Publishing in an Open Access Journal is one way of providing people with freely available access to your research. Another way you can make your content openly available is via Institutional or Subject Repositories. These repositories house, preserve, make accessible and license content held within them. They are also known for providing usage data and access to files.
Before putting a published work into a repository, first ensure that you can do so legally by (a) consulting SHERPA RoMEO to Learn about specific publisher policies related to self-archiving or (b) guaranteeing your right to self-archive by using an Author Addendums when signing a publishing contract (These addendums are used to modify publishing contracts and serves as a Rights Retention Strategy.)
After checking on your right to self-archive, next choose a relevant repository. Brandon University has an Institutional Repository known as IRBU that accepts content.
Why Share your Research via a Subject Repository?
There are also many, many subject repositories. These repositories provide researchers with three major advantages.
Repository for Physics, Mathematics, Computer Science, Quantitative Biology.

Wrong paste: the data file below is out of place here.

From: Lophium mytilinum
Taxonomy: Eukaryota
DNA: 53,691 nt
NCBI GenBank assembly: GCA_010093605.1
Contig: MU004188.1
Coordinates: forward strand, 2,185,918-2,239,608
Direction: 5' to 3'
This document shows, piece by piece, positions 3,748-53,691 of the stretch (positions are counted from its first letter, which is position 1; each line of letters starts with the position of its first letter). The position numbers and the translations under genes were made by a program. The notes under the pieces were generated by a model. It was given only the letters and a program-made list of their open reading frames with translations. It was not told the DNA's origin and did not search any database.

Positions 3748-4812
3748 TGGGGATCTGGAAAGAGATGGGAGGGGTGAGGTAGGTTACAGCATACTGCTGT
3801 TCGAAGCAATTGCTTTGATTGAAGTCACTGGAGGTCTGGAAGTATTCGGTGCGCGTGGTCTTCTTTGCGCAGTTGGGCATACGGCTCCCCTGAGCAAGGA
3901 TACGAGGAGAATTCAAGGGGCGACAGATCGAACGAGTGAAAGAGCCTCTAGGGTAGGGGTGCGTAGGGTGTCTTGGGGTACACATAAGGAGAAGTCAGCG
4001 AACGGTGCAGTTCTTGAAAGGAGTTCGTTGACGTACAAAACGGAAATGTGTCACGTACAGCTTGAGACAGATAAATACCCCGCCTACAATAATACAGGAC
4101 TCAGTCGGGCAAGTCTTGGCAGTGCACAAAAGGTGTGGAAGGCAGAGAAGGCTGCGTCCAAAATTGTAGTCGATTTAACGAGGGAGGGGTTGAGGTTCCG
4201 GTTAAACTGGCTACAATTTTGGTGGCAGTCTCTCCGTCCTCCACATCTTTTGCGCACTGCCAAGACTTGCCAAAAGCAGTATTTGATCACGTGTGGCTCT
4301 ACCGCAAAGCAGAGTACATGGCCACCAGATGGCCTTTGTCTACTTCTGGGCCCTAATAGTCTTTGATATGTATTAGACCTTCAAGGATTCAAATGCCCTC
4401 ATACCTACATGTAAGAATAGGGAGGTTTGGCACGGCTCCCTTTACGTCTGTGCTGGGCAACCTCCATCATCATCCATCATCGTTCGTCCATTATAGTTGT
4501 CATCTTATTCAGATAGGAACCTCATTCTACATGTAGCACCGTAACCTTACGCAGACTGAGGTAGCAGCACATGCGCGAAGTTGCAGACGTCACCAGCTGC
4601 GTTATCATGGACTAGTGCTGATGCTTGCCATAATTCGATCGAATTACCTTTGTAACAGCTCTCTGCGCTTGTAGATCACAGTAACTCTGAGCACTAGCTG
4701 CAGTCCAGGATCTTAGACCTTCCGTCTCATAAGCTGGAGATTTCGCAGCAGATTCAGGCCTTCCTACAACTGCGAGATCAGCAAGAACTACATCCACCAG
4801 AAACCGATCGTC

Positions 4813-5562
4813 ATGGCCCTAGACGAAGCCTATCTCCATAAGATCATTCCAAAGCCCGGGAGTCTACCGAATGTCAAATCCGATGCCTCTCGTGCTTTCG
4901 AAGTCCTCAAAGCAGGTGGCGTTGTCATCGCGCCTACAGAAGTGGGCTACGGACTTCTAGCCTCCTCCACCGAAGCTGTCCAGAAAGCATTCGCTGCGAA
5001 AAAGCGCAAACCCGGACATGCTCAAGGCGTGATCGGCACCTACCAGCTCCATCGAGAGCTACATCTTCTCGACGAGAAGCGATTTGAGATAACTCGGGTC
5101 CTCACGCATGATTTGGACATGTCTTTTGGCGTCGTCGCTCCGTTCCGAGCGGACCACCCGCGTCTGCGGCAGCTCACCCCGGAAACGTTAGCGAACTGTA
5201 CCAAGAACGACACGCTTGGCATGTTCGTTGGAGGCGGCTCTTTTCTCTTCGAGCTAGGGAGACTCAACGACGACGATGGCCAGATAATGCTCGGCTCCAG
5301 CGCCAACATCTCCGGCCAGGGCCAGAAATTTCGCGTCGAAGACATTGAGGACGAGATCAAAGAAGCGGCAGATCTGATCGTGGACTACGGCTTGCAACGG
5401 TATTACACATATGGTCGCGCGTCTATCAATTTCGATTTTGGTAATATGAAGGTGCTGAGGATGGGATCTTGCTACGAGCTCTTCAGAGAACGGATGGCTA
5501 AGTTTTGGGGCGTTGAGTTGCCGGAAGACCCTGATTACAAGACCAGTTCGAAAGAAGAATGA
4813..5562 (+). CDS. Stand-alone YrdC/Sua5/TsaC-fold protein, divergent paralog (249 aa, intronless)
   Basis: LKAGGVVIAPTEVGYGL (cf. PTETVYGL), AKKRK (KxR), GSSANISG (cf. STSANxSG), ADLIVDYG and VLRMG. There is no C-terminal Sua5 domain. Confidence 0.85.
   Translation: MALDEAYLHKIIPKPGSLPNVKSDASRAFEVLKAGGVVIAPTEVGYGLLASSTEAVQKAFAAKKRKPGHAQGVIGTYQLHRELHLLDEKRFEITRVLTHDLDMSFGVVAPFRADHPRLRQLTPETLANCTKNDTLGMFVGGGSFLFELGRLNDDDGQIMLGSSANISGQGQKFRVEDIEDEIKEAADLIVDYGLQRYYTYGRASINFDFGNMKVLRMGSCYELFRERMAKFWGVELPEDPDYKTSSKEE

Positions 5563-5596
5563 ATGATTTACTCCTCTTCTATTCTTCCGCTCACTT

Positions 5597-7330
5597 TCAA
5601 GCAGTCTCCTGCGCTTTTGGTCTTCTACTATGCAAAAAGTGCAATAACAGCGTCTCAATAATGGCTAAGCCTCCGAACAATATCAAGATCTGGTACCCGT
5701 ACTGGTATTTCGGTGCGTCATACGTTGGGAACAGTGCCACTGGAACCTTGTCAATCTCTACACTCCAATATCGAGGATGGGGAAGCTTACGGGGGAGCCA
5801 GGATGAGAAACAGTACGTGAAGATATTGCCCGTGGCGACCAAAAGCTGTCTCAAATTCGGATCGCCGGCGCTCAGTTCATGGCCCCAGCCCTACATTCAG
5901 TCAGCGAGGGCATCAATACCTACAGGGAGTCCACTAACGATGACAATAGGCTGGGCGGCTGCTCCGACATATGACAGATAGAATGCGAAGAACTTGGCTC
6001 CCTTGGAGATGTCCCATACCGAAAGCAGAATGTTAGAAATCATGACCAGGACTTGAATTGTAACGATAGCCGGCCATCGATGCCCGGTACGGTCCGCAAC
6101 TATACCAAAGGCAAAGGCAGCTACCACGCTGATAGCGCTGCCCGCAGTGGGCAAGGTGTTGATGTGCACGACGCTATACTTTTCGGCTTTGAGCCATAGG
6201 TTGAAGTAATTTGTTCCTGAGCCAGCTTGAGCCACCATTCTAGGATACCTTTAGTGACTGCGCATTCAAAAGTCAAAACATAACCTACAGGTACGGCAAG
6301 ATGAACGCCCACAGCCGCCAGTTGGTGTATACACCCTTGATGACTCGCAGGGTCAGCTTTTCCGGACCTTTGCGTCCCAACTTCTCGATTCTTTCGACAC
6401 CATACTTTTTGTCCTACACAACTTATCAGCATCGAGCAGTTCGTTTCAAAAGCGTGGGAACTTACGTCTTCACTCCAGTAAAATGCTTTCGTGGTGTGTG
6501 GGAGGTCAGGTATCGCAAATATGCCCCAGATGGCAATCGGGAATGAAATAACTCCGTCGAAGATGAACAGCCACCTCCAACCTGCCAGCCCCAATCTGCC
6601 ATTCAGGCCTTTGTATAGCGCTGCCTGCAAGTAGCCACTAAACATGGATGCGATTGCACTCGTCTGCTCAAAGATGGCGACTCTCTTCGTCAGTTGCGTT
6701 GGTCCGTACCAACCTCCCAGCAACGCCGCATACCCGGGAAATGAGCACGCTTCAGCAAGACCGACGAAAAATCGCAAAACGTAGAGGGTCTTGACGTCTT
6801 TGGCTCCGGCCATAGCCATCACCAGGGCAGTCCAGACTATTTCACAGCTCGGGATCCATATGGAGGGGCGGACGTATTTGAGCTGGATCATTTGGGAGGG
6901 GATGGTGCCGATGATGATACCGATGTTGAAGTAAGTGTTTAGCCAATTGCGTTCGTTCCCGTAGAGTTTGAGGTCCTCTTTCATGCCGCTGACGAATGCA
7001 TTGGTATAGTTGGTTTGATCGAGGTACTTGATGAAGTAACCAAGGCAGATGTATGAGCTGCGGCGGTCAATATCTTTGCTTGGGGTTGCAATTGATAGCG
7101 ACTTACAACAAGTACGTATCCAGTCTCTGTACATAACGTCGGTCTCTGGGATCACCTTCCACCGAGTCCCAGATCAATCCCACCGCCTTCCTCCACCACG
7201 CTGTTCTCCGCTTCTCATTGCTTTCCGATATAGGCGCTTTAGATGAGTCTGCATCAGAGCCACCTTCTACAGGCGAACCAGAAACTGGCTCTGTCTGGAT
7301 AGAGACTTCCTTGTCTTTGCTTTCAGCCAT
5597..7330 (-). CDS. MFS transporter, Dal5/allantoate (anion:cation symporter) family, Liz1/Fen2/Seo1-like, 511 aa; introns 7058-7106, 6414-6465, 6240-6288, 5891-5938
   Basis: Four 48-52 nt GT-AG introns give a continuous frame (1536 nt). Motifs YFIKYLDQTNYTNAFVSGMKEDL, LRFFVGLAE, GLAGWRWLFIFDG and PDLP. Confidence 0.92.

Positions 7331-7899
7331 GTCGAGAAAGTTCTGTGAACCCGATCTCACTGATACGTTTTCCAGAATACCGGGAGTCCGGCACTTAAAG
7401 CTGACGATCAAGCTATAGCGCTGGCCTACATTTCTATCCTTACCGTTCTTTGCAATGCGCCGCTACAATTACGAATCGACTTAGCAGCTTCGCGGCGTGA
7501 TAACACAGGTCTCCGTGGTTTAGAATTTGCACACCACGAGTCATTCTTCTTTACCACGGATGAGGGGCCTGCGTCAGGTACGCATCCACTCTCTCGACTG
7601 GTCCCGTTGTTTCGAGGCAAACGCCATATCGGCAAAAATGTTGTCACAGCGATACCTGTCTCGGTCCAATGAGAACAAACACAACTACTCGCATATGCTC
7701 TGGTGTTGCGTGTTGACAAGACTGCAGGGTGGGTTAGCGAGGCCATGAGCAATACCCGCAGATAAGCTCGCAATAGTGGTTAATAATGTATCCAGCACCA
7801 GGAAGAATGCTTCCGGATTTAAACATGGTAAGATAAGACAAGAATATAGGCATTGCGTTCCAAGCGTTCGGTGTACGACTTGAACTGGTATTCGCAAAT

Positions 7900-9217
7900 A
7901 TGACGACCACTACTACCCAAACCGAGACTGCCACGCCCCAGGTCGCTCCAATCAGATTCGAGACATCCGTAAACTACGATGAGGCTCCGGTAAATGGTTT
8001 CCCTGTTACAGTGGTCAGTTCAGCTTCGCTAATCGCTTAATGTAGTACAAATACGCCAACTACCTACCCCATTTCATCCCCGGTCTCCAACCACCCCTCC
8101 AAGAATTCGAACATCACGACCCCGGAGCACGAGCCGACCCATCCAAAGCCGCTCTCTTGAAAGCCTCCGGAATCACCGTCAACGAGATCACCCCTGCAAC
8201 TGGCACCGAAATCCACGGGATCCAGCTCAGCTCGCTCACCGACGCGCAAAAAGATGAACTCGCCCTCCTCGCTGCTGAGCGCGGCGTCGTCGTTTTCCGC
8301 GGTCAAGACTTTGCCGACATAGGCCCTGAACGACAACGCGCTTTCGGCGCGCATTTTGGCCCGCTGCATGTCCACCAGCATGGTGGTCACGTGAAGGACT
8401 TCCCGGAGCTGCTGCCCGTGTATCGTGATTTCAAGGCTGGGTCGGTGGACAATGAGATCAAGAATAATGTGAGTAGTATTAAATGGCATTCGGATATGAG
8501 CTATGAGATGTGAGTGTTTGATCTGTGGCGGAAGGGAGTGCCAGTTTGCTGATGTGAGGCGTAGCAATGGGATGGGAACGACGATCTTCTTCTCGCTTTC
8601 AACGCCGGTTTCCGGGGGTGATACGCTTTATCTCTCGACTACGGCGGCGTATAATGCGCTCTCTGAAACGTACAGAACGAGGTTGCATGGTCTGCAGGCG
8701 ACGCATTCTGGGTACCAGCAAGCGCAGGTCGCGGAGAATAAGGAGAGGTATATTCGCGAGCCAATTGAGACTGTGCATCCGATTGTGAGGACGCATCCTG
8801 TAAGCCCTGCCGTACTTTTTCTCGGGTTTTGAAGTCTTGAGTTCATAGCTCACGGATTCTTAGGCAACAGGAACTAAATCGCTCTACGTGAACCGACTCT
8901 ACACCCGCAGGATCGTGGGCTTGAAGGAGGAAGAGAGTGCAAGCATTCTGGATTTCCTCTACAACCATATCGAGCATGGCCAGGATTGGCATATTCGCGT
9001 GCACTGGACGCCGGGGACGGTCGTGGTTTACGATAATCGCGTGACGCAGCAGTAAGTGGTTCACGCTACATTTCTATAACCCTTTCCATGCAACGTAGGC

This repository is so well known in physics that Sheldon (Big Bang Theory) mentions uploading research papers to it.
Repository for biology, life sciences.
High Energy Physics
Repository for Cognitive Science, Psychology, Neuroscience, Computer Science, Neurology, Biology
Biology, Life, Medical and Computer Science
Repository for Philosophy Papers
Repository for Research into the Philosophy of Science
Major Medical Repository hosted by the National Institute of Health's National Library of Medicine
Major Economics repository with links to papers, and other information Economists wish to share.
If you wish to share your research via a subject repository but are unsure which one(s) to use, try consulting:
Lists repositories and has information about each including statistical deposit activity.
Lists repositories by discipline. Includes links to some International ones where English may not be the first language.
The answer to this question is no. Academic Social Networks like ResearchGate, Acadenia.edu, Mendeley and LinkedIn allow you to follow the work and posts of other researchers and create a profile for your work. Their purpose is to market the work of researchers.
Funding Agencies, Institutional OA policies and other mandates generally want to see the research (1) made openly available, and (2) preserved for the long term. These types of services are offered by Institutional Repositories and by Subject Repositories designed for these purposes. Funders like the Tri-Agency recommend IRs or specific Subject Repositories. (Note: You can learn more about the differences between Academic Social Networks and Repositories here.)
So long as your publishing contract allows you to share your work, you can place the article in a repository and a social network. But before you share your content via an Academic Social Networks, be aware of the following issues: